Review: 40th Anniversary Gala - Symphonie Fantastique

PUBLISHED : Tuesday, 17 June, 2014, 10:01am
UPDATED : Tuesday, 17 June, 2014, 10:01am

40th Anniversary Gala - Symphonie Fantastique
HK Philharmonic Orchestra
HK Cultural Centre Concert Hall
Reviewed: June 13

This concert marked the 40th anniversary of the Hong Kong Philharmonic Orchestra achieving professional status.

Music director Jaap van Zweden was on the podium to share his insights into Berlioz's magnificent oddball, Symphonie fantastique; Russian pianist Boris Berezovsky (right) was slated to give an exemplary reading of Rachmaninov's Rhapsody on a Theme by Paganini; and composer in residence Fung Lam revealed his new work, Quintessence.

Berlioz's five hallucinogenic tableaus in sound start with a young artist in a drug-induced haze and end with infernal goings on deep in the forest. They need absolute precision of colour and pace to make sense of the threads running through a largely incoherent narrative. Van Zweden kept us focused in the first three movements by getting the music to flow rather than ramble and highlighting the many strands in the texture that demand attention.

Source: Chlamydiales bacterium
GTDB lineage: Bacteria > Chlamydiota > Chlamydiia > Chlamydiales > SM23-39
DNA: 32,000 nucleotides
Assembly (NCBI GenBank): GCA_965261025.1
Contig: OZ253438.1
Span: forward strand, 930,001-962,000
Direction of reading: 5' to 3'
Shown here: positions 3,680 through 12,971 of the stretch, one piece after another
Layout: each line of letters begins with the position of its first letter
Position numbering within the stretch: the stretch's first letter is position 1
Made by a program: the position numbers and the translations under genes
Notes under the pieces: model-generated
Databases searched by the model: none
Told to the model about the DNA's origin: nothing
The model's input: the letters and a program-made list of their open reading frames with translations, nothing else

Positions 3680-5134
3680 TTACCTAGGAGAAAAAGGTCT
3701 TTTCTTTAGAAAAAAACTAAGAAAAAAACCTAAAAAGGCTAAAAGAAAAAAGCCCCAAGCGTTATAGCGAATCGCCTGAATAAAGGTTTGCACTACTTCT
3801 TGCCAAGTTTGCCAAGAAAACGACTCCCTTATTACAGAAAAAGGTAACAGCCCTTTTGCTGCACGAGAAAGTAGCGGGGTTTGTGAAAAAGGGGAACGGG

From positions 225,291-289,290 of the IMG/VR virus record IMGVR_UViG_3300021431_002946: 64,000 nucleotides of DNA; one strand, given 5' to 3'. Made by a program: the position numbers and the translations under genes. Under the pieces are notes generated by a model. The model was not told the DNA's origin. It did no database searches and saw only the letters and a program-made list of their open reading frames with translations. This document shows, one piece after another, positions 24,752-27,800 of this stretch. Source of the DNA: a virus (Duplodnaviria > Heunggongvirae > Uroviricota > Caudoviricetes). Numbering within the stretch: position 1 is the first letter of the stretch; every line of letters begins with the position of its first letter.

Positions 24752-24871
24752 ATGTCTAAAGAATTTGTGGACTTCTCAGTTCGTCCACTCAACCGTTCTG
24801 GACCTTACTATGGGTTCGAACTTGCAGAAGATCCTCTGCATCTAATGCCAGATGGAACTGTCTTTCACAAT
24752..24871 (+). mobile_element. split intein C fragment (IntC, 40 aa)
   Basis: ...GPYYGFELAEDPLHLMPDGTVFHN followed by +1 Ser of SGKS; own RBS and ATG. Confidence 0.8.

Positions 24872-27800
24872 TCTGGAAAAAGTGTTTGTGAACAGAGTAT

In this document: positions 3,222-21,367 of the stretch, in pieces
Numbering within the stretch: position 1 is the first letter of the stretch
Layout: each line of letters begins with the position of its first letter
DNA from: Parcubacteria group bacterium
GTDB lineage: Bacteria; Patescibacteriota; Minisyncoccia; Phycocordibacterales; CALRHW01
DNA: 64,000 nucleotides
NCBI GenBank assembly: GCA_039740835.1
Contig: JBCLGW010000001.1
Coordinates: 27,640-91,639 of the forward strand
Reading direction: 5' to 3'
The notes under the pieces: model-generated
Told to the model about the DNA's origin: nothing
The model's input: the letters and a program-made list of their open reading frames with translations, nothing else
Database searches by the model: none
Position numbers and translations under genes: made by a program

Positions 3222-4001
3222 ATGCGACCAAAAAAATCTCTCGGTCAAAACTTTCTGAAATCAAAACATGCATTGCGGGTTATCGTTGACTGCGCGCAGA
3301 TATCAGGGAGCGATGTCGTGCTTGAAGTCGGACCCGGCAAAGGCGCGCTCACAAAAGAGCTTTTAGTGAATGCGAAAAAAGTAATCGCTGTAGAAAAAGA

The orchestra was responsive throughout, giving an impressive show of unanimity, detailed phrasing and variety of timbre. But the speed at which Van Zweden took March to the Scaffold challenged Berlioz's careful tempo marking, making it too fast to capitalise on the evil undertones, while Dreams of a Witches' Sabbath was so slick that it rather glossed over the goosebumps.

Berezovsky charged through the Rachmaninov with brute force, making it impossible to hear most of the notes individually and giving the bite-sized variations insufficient time to establish themselves. The famous melody that concludes the slower central set of variations sounded anaemic but Berezovsky, clearly proud of his matter-of-fact reading, suddenly launched into it as an encore, catching Van Zweden off guard. His production-line second encore, Debussy's The Girl with the Flaxen Hair, did nobody any favours.

Fung Lam has achieved impressive hits with previous works that are slow, pensive and mesmerising. His 10-minute work, Quintessence, contrasts passages of stasis with energetic outbursts. The harmonic language is accessible and his orchestration skills are undoubted, even though the brass writing sounded staid. It wasn't enough to captivate the audience, which, though rapt at first, turned to programme riffling midway through.

Sam Olluver